Prostatectomy is a surgical procedure in which all or part of the prostate gland is removed. The prostate is a small gland (commonly compared in size and shape to a walnut) that is responsible for producing seminal fluid in the male reproductive system. When cancer arises in the prostate, a prostatectomy is performed to cure early-stage tumors that have not spread beyond the tissues of the prostate gland.
Types of Prostatectomy
A variety of surgical techniques exist to help surgeons tailor a prostatectomy to each patient and their cancer:
Retropubic prostatectomy is the most popular surgery used to treat cancer of the prostate. In this procedure, a surgeon makes an incision from your belly button to your pubic bone. This operation allows surgeons to remove the entire prostate as well as surrounding tissues and lymph nodes if necessary. In many cases, if surrounding tissues contain cancer cells, the prostatectomy is discontinued. Such cases are deemed incurable.
Duration: 2 to 3 hours
In this procedure, a surgeon makes an incision in the perineum (the skin between the anus and the scrotum). The prostate and surrounding tissues can then be removed through the perineal incision. This surgery is a shorter operation than retropubic prostatectomy, but it may cause nerve damage. As a result, perineal prostatectomy is not a common treatment option for prostate cancer patients.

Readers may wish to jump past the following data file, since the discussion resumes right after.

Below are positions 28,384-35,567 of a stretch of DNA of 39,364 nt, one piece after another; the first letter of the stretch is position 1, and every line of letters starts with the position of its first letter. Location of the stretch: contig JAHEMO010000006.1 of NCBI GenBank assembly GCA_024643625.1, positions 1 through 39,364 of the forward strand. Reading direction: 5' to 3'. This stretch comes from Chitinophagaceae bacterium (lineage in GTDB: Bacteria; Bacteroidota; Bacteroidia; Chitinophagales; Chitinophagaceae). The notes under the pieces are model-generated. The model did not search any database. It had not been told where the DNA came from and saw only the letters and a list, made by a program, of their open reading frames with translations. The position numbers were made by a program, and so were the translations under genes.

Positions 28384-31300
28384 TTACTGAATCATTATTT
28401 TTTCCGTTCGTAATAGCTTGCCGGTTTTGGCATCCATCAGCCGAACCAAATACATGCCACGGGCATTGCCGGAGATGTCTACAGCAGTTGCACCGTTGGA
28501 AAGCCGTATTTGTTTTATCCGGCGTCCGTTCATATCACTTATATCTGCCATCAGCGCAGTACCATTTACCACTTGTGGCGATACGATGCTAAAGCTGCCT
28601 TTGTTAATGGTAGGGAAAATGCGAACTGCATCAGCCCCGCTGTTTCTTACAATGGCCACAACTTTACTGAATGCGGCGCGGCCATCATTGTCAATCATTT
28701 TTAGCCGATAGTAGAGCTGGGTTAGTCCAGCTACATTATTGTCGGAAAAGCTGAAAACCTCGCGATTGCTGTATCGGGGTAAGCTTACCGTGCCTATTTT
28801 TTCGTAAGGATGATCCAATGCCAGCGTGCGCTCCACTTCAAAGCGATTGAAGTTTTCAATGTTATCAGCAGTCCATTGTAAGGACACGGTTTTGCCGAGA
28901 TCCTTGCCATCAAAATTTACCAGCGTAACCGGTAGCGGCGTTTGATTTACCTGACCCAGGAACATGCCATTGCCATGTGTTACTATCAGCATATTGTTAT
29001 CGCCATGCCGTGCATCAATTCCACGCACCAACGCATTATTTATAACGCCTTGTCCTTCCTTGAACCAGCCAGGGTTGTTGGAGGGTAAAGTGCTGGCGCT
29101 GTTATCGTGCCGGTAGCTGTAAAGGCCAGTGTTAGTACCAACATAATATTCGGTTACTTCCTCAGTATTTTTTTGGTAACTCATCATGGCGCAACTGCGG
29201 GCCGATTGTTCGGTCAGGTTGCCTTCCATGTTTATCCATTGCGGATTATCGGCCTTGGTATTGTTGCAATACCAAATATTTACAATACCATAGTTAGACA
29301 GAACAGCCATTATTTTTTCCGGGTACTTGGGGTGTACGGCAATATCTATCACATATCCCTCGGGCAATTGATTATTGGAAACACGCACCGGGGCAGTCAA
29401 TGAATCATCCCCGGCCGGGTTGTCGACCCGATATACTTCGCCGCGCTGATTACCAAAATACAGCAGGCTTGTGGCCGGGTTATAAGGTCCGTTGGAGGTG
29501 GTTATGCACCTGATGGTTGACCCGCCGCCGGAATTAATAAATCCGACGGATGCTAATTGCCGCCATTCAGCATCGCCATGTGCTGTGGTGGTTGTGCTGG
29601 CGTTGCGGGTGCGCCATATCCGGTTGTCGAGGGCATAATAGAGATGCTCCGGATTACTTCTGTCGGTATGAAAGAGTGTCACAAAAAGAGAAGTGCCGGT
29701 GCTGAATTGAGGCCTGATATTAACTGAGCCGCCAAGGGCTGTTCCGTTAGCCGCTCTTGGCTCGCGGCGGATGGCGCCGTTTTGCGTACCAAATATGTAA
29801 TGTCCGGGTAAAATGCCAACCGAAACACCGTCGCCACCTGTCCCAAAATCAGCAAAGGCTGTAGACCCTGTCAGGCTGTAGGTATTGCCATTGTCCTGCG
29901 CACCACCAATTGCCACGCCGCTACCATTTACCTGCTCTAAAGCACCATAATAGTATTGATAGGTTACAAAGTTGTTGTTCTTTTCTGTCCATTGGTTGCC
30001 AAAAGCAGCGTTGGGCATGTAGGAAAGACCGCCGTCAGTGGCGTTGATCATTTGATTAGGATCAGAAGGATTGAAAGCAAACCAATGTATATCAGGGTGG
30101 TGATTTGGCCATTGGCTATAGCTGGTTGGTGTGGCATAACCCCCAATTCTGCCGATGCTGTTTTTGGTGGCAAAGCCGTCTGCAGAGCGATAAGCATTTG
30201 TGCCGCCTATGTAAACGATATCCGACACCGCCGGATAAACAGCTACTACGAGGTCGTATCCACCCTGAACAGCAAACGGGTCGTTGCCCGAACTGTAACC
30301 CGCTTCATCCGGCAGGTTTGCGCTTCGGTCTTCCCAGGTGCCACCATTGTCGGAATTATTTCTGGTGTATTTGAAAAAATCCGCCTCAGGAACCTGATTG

Duration: 1 ½ to 4 hours
In this procedure, a cytoscope (a long, flexible instrument) is inserted into the prostate gland via the urethra. A camera, light, and special tools are attached to the cytoscope, which allows a surgeon to excise cancerous prostate tissue. This surgery is minimally invasive, but nevertheless warrants several days of hospital recuperation.
Duration: 30 to 60 minutes
LAPAROSCOPIC RADICAL PROSTATECTOMY
In this operation, a surgeon makes several small incisions through which long, flexible instruments are inserted to remove the prostate gland. This surgery results in less blood loss, pain, and shorter hospital recuperation periods than retropubic and perineal prostatectomy operations.
Duration: 2 ½ to 4 hours
- Longer surgery
- Difficult surgical technique to master
- Because of the small incisions, surgeons cannot use the sense of touch during the operation.
Prostatectomy Side Effects
Prostatectomy is associated with a variety of risk factors and side effects, most of which are common to all surgeries. Risk factors unique to prostatectomy include:
- Impotence: Prostatectomy may result in the temporal or permanent inability to have an erection.
- Stress Incontinence: Approximately 15% of prostatectomy recipients report stress incontinence (difficulty holding urine). In such cases, urine may leak when the patient laughs, coughs, sneezes, or exercises.
- Overflow Incontinence: This side effect causes men to have a dribbling urine stream.
- Urge Incontinence: This side effect causes men to have sudden urges to urinate.
- Sterility: Prostatectomy severs the connection between the testicles and the urethra. As a result, prostatectomy patients can no longer secrete the sperm and semen needed to fertilize an egg in a woman’s uterus.
Side effects common to all surgeries:
- Infection at the Site of Incision
- Nausea and Vomiting
- Blood Clots in the Legs
- American Cancer Society. 2009. Retrieved on April 20, 2009 from.
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- Galil Medical Family of Sites. 2006. Retrieved on April 20, 2009 from < http://www.prostate-cancer-institute.org/prostate-cancer-treatment/radical-prostatectomy.html>